Marsh McLennan Report on Flood Risk Advocates Community-Based Catastrophe Insurance

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Disasters around the world highlight how current responses have fallen short of keeping up with the quickly increasing threat of flood impact. The costs have continued to rise, as the protection gap between insured losses and economic losses has continued to grow, with only 17% of global economic losses being insured between 2007 and 2021.

The report from Marsh McLennan, Staying Above Water: A Systemic Response to Rising Flood Risk, describes multiple approaches toward flood management, including the use of community-based catastrophe insurance (CBCI) to help reduce the protection gap in underserved areas. Guy Carpenter is a business of Marsh McLennan.

A CBCI program can create financial incentives by providing premium discounts based on resilience interventions and supports risk-reduction strategies through the provision of risk analytics. This can be applied at different scales, as demonstrated by a CBCI program in New York City, a partnership with the New York City Mayor’s Office of Resilience, the Wharton Risk Center at the University of Pennsylvania, Guy Carpenter, and other organizations. The program aims to expand coverage to lower- to middle-income households in New York City through parametric solutions while reducing risk levels through resilience investments.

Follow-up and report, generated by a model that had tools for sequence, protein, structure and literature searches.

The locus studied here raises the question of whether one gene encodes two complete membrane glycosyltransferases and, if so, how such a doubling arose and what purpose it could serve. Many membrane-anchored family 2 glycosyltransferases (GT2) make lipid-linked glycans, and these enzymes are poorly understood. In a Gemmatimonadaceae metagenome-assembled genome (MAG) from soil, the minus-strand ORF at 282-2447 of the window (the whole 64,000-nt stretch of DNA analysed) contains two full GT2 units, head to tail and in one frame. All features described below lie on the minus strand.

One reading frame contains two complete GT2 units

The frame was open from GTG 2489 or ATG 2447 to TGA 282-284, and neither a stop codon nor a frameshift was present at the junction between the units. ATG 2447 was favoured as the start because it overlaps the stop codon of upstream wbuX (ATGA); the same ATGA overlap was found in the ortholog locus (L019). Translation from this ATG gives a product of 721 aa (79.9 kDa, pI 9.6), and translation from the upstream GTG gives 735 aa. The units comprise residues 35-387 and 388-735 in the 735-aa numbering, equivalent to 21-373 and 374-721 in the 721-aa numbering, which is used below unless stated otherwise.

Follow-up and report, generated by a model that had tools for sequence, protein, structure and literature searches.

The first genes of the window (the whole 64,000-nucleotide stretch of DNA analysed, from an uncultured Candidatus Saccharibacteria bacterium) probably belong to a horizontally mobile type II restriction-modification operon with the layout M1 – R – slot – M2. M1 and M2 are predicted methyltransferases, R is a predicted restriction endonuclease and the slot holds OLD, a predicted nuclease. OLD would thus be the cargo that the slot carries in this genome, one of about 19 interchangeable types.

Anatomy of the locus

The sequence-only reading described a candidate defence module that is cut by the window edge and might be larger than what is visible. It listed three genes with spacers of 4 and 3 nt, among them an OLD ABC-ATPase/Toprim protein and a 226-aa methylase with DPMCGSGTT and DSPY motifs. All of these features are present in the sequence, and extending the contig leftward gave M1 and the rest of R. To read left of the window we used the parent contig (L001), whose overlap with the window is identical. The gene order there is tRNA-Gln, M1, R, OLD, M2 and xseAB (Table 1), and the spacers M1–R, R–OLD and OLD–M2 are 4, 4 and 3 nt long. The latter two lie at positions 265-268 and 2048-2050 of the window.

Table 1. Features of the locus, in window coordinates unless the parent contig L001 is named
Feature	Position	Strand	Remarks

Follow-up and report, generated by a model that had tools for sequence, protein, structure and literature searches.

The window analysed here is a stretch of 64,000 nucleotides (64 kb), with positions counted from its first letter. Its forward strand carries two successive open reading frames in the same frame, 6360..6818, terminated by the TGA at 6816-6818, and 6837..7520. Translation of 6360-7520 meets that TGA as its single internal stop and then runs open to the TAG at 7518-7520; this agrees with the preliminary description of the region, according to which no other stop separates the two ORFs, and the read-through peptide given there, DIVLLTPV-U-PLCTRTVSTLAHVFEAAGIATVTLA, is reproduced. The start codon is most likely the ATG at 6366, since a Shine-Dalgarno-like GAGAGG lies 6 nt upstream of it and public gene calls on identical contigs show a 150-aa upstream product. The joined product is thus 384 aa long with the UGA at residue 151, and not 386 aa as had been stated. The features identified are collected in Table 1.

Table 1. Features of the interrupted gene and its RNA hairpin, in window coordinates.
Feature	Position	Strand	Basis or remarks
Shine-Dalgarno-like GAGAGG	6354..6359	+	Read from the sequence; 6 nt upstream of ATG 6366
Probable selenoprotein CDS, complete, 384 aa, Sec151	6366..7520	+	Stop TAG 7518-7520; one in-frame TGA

Community-Based Catastrophe Insurance: A Model for Closing the Disaster Protection Gap, a report developed in partnership with the Wharton Risk Management and Decision Processes Center and Marsh McLennan, explores the benefits of CBCI, possible structures, and sets out a five-part framework for CBCI implementation.

Staying Above Water

A systemic approach to rising flood risk, offering a strong rationale for urgent action.

Community-Based Catastrophe Insurance: A Model for Closing the Disaster Protection Gap